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In spite of inequities and the coronavirus, many Boston Public School students are learning

But there must be a societal shift that prioritizes the immediate and basic needs many families faced before the COVID-19 pandemic began.

Adobe/Globe Staff/Adobe

As the coronavirus pandemic moves society toward a new era, many are asking what tools Boston Public Schools students, educators, and parents need to preserve educational progress and continuity in elementary and secondary education.

Some have wondered why there are disparities or inconsistencies between districts, within the school district, or even within a school. Many were surprised by the lack of both technology access and skills by students and families. The last several weeks have starkly exposed the existing inequities that provide the context for how questions about continued educational progress must be considered.

Due to decades-long federal and state divestments from public education, the traditional set of resources that our inequitable society has long denied to children has placed many students at an extreme disadvantage during this crisis. For example, prior to the pandemic, austerity budgeting on the federal and state level meant that few Boston schools had computer classes.

Combined with an eroding social safety net and the widespread economic and health inequities that the pandemic has laid even more bare, our collective solutions must call for more than just better online platforms. There must also be a societal shift that prioritizes the immediate and basic needs many families faced before the pandemic began.


If children are hungry, they cannot concentrate. If a family can’t afford a medical copayment, they can’t purchase a new laptop. If students are taking care of younger siblings or working during the day to support their family, they are not attending virtual classes.

If their parents have lost their jobs or are unsure about their next meal, responding to calls and e-mails from teachers, although well-intentioned, is just not a priority.

These are the real experiences we hear about every day. Access to food, housing, medicine, vital social and emotional supports, and the Internet are baseline tools that many students and families lacked before the pandemic.


Despite these challenges, there is a tremendous amount of inspiring work being done by educators, the school district, and a range of volunteers to help families access resources that will make remote and online learning possible for as many students as possible.

Within days of the school closure, hundreds of educators from the Boston Teachers Union signed up to form our BTU Volunteer Corps, putting an army of teachers, social workers, guidance counselors, nurses, and staff on the streets to distribute resources door-to-door while doing everything possible to maintain social distancing and keep our communities safe.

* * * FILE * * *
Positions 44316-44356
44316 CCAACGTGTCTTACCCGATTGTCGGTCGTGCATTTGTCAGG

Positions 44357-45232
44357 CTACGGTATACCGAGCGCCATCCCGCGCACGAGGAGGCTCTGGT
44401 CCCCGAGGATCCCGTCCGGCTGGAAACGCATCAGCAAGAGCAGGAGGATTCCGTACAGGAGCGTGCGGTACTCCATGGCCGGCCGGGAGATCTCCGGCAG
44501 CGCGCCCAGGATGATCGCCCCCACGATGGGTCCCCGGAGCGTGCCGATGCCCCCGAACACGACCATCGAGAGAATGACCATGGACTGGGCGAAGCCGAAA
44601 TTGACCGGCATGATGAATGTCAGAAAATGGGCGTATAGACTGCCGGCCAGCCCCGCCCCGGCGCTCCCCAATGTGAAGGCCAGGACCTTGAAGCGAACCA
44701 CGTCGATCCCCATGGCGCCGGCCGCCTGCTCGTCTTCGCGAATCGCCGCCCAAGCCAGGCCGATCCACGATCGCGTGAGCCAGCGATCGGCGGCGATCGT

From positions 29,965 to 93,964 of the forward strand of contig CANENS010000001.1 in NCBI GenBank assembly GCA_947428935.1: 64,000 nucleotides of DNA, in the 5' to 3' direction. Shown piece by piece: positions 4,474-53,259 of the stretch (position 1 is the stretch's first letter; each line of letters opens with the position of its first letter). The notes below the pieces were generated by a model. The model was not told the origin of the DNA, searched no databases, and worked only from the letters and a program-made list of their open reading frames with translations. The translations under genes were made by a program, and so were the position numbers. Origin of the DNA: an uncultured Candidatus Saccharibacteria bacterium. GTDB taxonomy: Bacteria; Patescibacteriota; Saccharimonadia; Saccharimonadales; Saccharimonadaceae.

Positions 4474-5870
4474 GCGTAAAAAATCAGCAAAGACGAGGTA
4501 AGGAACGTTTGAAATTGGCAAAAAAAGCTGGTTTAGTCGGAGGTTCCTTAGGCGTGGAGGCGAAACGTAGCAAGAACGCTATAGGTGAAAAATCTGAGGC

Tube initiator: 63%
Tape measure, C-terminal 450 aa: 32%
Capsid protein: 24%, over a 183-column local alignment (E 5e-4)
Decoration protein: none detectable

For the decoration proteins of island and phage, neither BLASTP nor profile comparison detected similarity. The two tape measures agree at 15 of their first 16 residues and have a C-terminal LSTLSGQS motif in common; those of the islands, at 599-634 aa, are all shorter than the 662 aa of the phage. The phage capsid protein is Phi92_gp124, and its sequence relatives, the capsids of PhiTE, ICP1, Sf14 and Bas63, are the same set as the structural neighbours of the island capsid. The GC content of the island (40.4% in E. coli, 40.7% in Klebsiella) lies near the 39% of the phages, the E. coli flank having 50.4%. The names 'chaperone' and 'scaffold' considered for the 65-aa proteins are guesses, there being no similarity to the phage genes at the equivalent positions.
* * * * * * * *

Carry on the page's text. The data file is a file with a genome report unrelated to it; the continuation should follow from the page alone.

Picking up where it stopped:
Together, we acted quickly to ensure Chromebooks, Internet hot spots, and free meals were distributed widely to our students, mobilizing to reach students with these resources in their homes and in homeless shelters (there are about 4,500 homeless students in the district). We are also working with the city to conduct needs assessments and to ensure those assessment surveys are available in nearly a dozen languages.

While we adjust to the new normal, the reality is that, for students in districts like Boston, times have not been “normal” for many decades due to outdated formulas and severe cuts at the state and federal levels.

The overarching public narrative has been that there are two realities at play in education: pre-pandemic and post-pandemic. The reality is that our students have long confronted a different duality, and a different set of realities, when it comes to accessing fundamental resources that make for a healthy and secure life, let alone education.


We must discover a new understanding of flexibility for families as well as a renewed appreciation for professional expertise. That’s why we have recently reached an agreement with the City of Boston that lays out important guidelines and protocols to help bring the right balance of flexibility and structure to our students’ daily lives. These protocols will naturally evolve over time, and as a union of front-line educators, we will continue to contribute our best ideas on how to optimize them for the benefit of students, who always have been and always will be our number one professional priority.

Unfortunately, much of the public envisions remote learning as something that is happening in a middle-class suburb, with a computer and Internet access, and with at least one parent at home who is fluent in the use of computers and whose first language is English. Some families have set up workspaces on different floors of the house to preserve quiet space for each other. But for thousands of students in Boston and other cities across the state, the reality at home — if they have a stable home — is quite different.

At the same time, we must ensure that learning continues for the students who are ready to learn, regardless of whether or not they face challenges at home. We have much work ahead to ensure existing gaps do not get wider, particularly for special education, English learning, and low-income students.


The COVID-19 pandemic has exacerbated the trauma and inequities already faced by many of the communities we serve as front-line educators. Now we must meet this unprecedented moment together in ways that empower communities that face a disproportionate COVID-19 impact rather than compounding that impact. That means adopting trauma-informed teaching methods, trusting educators, affirming the necessity of direct student and teacher interaction as essential, and avoiding models that are one-size-fits-all.

Jessica Tang is president of the Boston Teachers Union.